Adam Westbrook // ideas on digital storytelling and publishing

How to let transitions tell the story

Posted in Online Video by Adam Westbrook on April 25, 2011

Image: Miemo Penttinen/Flickr

In the video world, a transition is the term for the way we move from one shot to another, and there are many different types:

  • straight cut: the shot changes over a single frame
  • mix/dissolve: the two shots dissolve into each other over several frames
  • wipe: an electronic border ‘slides’ from one shot to another
  • flash-dissolve: the shot dissolves through bright white to another
  • L-cut: where sound and vision do not match over the transition
  • alpha-transition: very complicated, animating a third piece of video to create the transition

…and the list goes on

Transitions are very powerful visual tools and can add huge meaning to a story. Think how the shot of Matt Damon in Saving Private Ryan dissolves over 60+ frames to the older version of his character: before our eyes 60 years of history pass – without uttering a single word.

Visual journalists can use transitions too, but they rarely do. Instead they’re limited (by employers or convention) to cuts, dissolves and flash-dissolves.

But here are two inspiring examples of transitions not just taking us from one place to another, but actually telling the story. Both have been shared widely in the last week – sadly, for different reasons.

Symmetry: Everynone/RadioLabs

The folks from Everynone‘s latest project is based on the concept of symmetry. The guys who make this are telling a story solely in pictures, with a few sound effects. They have no dialogue to fall back on: so the pictures matter.

They brilliantly explore the very visual idea of symmetry, but cleverly transition from one place to another in a way that adds enormous meaning – without saying a single word. Notice how, at 17 seconds, the ball in the left screen transitions to the ball in the right; how the film makers take us from the beginning of a story to the end – simultaneously.

Because the previous shot is intrinsically linked to the one that follows, the transition is loaded with meaning.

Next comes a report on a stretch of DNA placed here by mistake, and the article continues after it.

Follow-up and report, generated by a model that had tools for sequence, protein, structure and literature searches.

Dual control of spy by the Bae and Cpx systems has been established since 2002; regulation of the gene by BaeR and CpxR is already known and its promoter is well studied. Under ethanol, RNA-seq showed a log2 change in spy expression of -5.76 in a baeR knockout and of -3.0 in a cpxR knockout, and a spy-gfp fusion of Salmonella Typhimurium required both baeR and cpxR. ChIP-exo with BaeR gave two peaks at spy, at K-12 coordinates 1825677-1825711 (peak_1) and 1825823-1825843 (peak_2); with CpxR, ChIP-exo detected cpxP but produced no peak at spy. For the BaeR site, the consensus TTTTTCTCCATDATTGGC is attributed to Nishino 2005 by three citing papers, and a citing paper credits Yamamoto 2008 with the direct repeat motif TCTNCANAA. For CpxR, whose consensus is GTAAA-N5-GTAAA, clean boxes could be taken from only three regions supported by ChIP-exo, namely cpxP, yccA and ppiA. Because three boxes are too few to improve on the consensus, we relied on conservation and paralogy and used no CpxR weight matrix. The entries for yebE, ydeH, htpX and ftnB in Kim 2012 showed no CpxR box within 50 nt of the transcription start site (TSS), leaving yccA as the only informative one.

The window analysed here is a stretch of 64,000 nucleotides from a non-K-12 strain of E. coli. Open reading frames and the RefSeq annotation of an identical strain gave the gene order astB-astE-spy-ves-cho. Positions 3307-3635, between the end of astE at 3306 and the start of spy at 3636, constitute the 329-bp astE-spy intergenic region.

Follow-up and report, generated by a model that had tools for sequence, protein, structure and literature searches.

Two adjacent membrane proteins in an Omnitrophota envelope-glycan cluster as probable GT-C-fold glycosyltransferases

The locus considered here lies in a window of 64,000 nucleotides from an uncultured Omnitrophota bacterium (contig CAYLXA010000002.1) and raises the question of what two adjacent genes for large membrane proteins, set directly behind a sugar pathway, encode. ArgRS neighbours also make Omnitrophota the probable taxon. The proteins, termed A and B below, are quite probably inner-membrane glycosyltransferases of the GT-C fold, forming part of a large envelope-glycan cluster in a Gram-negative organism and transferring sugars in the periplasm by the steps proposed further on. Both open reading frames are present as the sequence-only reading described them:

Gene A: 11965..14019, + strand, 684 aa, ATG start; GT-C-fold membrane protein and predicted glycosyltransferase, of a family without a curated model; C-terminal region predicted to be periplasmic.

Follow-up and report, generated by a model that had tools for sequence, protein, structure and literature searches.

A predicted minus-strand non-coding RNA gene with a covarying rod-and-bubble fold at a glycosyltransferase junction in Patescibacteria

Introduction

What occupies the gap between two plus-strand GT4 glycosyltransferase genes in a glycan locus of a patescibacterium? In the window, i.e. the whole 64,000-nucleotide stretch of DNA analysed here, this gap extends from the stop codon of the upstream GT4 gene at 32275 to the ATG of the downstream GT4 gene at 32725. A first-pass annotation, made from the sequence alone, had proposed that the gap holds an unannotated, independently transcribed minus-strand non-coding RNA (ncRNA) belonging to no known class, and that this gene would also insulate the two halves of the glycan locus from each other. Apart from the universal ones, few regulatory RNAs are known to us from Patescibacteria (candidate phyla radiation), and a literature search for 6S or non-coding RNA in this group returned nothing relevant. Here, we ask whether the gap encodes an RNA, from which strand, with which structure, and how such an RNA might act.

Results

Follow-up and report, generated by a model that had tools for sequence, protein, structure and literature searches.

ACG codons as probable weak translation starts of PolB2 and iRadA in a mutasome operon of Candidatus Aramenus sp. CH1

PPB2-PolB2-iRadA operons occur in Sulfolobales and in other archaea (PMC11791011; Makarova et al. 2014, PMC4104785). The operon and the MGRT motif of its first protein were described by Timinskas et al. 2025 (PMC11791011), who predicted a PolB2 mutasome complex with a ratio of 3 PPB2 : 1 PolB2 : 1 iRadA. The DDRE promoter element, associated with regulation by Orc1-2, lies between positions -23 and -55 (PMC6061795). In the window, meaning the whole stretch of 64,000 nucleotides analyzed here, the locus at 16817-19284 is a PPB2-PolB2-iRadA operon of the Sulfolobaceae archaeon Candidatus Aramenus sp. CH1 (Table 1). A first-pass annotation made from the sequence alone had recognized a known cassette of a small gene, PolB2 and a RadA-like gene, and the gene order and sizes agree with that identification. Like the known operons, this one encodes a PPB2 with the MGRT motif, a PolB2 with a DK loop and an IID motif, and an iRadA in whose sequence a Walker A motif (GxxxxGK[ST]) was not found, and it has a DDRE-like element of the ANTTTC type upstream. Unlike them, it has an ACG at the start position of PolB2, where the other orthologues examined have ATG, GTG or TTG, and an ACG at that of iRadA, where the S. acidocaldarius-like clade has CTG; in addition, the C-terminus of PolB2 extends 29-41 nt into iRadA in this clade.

Diary: Tim Hetherington

But the most extraordinary use of transitions I’ve seen is by Tim Hetherington, the award winning photojournalist and Oscar nominated film maker sadly killed in Libya last week. Last year he created an experimental visual journal of his 10 years as a war correspondent, and called it Diary.

The way Tim transitions from shot to shot is…well, extraordinary. He dissolves from a mosquito net to an aircraft window like melting butter; he takes us from Liberia to London in 20 frames with a simple transition – and without saying a word. I was lost for words when he matched the changing of a lens to a full moon. It reminds me of how Orson Welles takes us into the El Rancho through a skylight in Citizen Kane.

I didn’t watch Diary until Tim’s death, but I really think this is visual storytelling in a distilled form. I doubt you have 19 minutes to spare: just watch as much as you can.


5 Responses

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  1. russellphoto said, on April 26, 2011 at 12:46 pm

    Hi Adam – nice post. Agree that Tim’s ‘Diary’ is an extraordinary piece, and an incredible use of transitions. But of course it’s now about much more than incredible video editing. In a way, and although of course it was never intended as such, it’s almost like he made his own epitaph here, as it encapsulates everything that he was about. Such a huge talent, such a huge a loss..

    • Adam Westbrook said, on April 26, 2011 at 11:42 pm

      Thanks for the comment Russell, and I agree, such a sad loss.

  2. […] from the type of shot we use, the editing style, whether we go handheld, use a steadicam or sticks, transitions, repeated motifs and all […]

  3. […] How to let transitions tell the story – how can our use of transitions make us better storytellers? […]

  4. Charles Mackenzie-Hill said, on February 18, 2013 at 9:04 am

    Great, piece. Tim Hetherington , was extremely talented, that’s for sure. Sad Loss. Very Glad, someone shared this post, otherwise would never have found it and understood transitions a little more

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